Thursday, October 20, 2011

Philosophers Support Greek Austerity

Probably not, but suppose you read a newspaper story on the Eurozone crisis that emphasized the solemn obligation of Greece to repay its creditors and included a sentence like this:
Philosophers and Greece’s foreign lenders say the austerity measures are required to meet its obligations, but they are deeply unpopular with Greeks.
You might wonder whether philosophers, who glory in their argumentative skills, actually agree on this.

In fact, the sentence in today’s New York Times reads:
Economists and Greece’s foreign lenders say the austerity measures are required to modernize its economy, but they are deeply unpopular with Greeks.
Now I happen to be an economist myself, and I know and communicate with lots of other economists of varying political and doctrinal affiliations, and none of us—none—thinks that austerity fosters modernization.  How will across the board wage cuts and tax increases (on wages of course, since other forms of taxation can easily be evaded) turn the national railway system from a patronage machine into a transportation service?

The question behind the question is why the Times feels the need to give austerity an aura of professional approval.

I’m an economist, I think the Greek economy is dysfunctional on several levels, and I’m with the strikers.

9 comments:

Dick Durata said...

I think what thee Times means by 'modernizing' is that the Greek economy becomes wholly controlled by global financial interests.

Jack said...

Peter
I'd appreciate your thoughts to my comments on the Times article on AB, here:
http://www.angrybearblog.com/2011/10/open-thread-10202011.html#comments

Reading through the source, The Economic Programme for Greece published by the European Commission will give you a good sense of why the Times article makes the statements that seem more the product of a philosopher than an economist. On the other hand some would say that there is little difference between those two areas of thought.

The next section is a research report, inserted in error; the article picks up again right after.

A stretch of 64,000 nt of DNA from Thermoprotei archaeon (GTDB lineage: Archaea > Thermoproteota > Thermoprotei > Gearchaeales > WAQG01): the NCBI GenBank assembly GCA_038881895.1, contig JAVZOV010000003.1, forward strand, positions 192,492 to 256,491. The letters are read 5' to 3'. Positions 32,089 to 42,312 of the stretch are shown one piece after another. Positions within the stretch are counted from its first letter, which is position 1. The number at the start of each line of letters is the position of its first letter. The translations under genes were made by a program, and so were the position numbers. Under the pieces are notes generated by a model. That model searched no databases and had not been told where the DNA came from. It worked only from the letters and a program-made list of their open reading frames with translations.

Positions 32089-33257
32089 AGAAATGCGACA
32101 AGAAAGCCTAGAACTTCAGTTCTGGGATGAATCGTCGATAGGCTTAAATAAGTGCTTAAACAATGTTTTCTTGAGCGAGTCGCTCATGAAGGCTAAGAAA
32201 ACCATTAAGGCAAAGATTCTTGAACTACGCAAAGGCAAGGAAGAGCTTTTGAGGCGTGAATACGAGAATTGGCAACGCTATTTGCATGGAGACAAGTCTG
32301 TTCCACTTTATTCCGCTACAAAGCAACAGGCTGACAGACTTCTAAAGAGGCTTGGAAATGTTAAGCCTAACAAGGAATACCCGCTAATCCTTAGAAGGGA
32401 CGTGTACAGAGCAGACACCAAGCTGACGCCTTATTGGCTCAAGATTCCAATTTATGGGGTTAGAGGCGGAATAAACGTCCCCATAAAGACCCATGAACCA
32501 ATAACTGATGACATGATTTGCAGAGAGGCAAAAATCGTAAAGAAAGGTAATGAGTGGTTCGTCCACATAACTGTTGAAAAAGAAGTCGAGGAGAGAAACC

http://ec.europa.eu/economy_finance/publications/occasional_paper/2010/pdf/ocp61_en.pdf

Shag from Brookline said...

Might protesters wearing togas symbolize wearing sackcloth?

Peter Dorman said...

Jack, you are asking a ton of questions about the Greek situation, and I can't possibly answer them all here. Just for starters, though:

It is the Greek government that has massive debt obligations. It famously kept two sets of books for a number of years.

"Liberalization" is econ-speak for deregulation, moving toward a free market approach.

Greece cannot possibly afford the level of patronage employment in the public sector. This is why tax hikes alone can't service the debt.

But Greece cannot service its debt no matter what: there is too much of it, and in an economic downturn the government should be running primary deficits, not surpluses. (Primary means net of debt service.) That's why default is unavoidable.

You are right that a lot of the demands being placed on Greece are about getting political buy-in, especially from Germany.

Important: Greece owes money primarily to private Eurozone banks. So-called bailouts for Greece are in fact bailouts for the banks.

So: the protesters are saying, why should we impose pauperization on our country in order to make the bankers whole?

Jack said...

Question to your important point, who's money did the banks lend to Greece? Was it shareholder money? Was it depositor money? What I've read so far only implies that it was private banks that were on the hook for the debt. What I'd like to know, and it hasn't been easy to find, what did Greece use the borrowed funds for? It is implied that much of it went to rescue private Greek banks and that it was not, initially, for the purpose of supporting a so called bloated public employment sector and the pensioners.